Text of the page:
Windows Server Update Services represents a gargantuan leap forward for Microsoft Corp.s no-cost patching solution. WSUS overall feature set falls short of many competing for-cost solutions from third-party patch management companies. However, its dramatically improved management interface, bandwidth controls and new reporting capabilities have narrowed the gap.
eWEEK Labs believes that WSUS will likely be the first choice for many organizations and will force competitors to continue to innovate to justify their place in enterprise networks.
We tested WSUS Release Candidate 1, which is downloadable at www.microsoft.com/windowsserversystem/updateservices/
WSUS leverages Microsofts forthcoming Microsoft Update Web site to provide patches not only for the Windows 2000 (Service Pack 3 or later), Windows XP and Windows 2003 operating system versions but also for Microsoft applications including Office XP, Office 2003, SQL Server 2000, Exchange 2000 and Exchange 2003. However, many Microsoft applications are still unsupported, and patching support for third-party applications remains nonexistent.
Gold versions of WSUS and the Microsoft Update Web site are expected to be available early this summer.
SUS (Software Update Services) 1.1, Microsofts previous no-cost entry, was not a patch management platform per se but, rather, little more than an internal patch repository. Administrators using SUS could not target patch installations at specific clients—once a patch was approved on an SUS server, all clients configured to check the server would download and install the patch.
SUS had no internal reporting capabilities to report clients missing patches or verify which clients successfully installed patches. Instead, administrators had to use a separate tool, such as MBSA (Microsoft Baseline Security Analyzer), to verify patch levels.
WSUS, in conjunction with the Microsoft Update site and the latest version of Microsofts Automatic Updates clients, addresses these shortcomings. The Automatic Updates agent performs scans on the local host according to policy defined on the WSUS server. The client then reports findings to the server, where administrators can take action and monitor reports.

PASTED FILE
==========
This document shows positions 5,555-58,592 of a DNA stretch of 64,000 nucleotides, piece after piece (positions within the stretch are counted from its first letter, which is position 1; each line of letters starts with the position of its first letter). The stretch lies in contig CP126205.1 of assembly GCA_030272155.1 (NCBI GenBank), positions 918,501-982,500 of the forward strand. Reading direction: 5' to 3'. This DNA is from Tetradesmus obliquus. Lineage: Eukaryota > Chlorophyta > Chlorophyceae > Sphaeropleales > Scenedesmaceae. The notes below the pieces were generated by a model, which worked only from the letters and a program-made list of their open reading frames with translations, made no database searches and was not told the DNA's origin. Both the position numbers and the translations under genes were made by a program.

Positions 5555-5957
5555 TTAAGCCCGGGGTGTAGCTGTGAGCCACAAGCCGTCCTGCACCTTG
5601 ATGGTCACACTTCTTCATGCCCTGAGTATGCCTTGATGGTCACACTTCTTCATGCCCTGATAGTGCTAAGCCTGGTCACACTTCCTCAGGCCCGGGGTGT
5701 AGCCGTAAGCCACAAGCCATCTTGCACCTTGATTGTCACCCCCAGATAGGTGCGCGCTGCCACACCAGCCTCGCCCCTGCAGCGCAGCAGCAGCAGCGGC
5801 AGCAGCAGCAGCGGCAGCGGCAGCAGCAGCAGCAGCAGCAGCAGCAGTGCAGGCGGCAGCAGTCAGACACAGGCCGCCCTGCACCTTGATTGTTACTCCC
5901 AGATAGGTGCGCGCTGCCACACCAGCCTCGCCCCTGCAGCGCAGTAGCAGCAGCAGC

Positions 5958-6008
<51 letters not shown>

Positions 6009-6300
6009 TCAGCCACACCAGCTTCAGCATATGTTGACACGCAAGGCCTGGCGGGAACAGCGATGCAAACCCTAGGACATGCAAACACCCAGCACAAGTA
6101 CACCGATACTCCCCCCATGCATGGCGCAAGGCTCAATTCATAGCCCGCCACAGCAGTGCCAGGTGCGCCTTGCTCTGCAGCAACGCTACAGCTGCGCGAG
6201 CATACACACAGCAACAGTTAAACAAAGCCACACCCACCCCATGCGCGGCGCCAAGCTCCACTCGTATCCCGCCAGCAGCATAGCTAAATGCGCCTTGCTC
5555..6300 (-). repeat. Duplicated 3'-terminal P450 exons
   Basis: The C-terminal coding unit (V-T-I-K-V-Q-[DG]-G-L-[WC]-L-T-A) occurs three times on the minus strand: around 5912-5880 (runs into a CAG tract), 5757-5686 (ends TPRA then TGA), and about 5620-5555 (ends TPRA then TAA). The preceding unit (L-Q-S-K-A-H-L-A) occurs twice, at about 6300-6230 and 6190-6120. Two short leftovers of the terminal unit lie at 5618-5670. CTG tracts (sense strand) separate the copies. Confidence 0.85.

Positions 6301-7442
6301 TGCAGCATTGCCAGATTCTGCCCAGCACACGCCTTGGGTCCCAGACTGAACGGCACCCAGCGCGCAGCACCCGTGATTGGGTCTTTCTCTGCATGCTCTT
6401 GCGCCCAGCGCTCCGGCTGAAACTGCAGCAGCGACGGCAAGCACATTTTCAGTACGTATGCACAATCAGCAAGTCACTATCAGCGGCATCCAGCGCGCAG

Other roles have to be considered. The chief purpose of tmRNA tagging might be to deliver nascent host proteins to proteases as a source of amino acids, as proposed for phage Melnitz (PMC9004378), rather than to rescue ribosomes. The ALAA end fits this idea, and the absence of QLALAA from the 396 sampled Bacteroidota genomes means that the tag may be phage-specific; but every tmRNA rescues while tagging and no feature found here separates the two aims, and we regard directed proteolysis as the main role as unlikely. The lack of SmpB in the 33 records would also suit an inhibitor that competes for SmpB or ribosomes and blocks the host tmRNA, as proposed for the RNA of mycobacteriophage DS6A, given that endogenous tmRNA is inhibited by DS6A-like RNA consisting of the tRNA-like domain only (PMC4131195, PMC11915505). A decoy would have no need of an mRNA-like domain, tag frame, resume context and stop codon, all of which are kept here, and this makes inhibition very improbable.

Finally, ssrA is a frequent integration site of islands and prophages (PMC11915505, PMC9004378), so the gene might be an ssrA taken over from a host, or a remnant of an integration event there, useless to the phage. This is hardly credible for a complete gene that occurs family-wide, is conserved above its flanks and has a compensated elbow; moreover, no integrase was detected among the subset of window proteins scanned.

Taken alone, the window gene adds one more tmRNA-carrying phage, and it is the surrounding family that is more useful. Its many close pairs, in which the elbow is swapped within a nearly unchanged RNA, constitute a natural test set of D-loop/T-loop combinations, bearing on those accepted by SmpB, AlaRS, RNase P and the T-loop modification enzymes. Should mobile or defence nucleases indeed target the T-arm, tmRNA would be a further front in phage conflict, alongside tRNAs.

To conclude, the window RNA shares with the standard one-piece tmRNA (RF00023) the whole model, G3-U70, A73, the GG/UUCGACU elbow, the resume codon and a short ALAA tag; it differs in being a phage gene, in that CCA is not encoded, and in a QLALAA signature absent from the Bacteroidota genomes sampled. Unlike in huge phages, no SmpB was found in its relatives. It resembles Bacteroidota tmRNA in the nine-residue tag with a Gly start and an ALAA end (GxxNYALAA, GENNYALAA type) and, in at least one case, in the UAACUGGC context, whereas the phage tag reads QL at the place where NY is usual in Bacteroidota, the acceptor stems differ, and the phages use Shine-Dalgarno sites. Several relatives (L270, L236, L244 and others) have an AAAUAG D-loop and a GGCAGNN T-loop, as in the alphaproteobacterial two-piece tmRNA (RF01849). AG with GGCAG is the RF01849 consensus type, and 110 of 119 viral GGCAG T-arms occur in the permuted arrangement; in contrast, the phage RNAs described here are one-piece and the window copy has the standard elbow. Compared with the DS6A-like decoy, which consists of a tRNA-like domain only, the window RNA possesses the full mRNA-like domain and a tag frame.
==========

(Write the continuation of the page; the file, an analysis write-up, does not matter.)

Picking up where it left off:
WSUS also offers new computer grouping capabilities. A default policy is applied to the All Computers group, but we could define different actions on a per-group basis. Groups can be defined manually in the WSUS console or automatically via a GPO (Group Policy Object) applied to the client. The differential policy controls also allow administrators to control separate policies for desktops and servers from the same WSUS server.
The console dashboard shows high-level-status findings for the server, and filterable reports are available per patch or per computer for more specific information. However, the reporting features dont match the wide variety of high-level and drill-down reports weve seen from competing products such as Shavlik Technologies LLCs HFNetChkPro 5 Plus.
WSUS also has several features to control bandwidth utilization to the Internet and within the corporate network. Where SUS necessitated a massive initial download at first synchronization, WSUS instead could be configured to download patches only after we approved them, and WSUS server replication capability allowed us to avoid duplicating downloads to multiple servers.
WSUS configures server replicas in a parent-child relationship. Patch metadata, patch files and group information are automatically synchronized among multiple servers to lessen administration over multiple locations.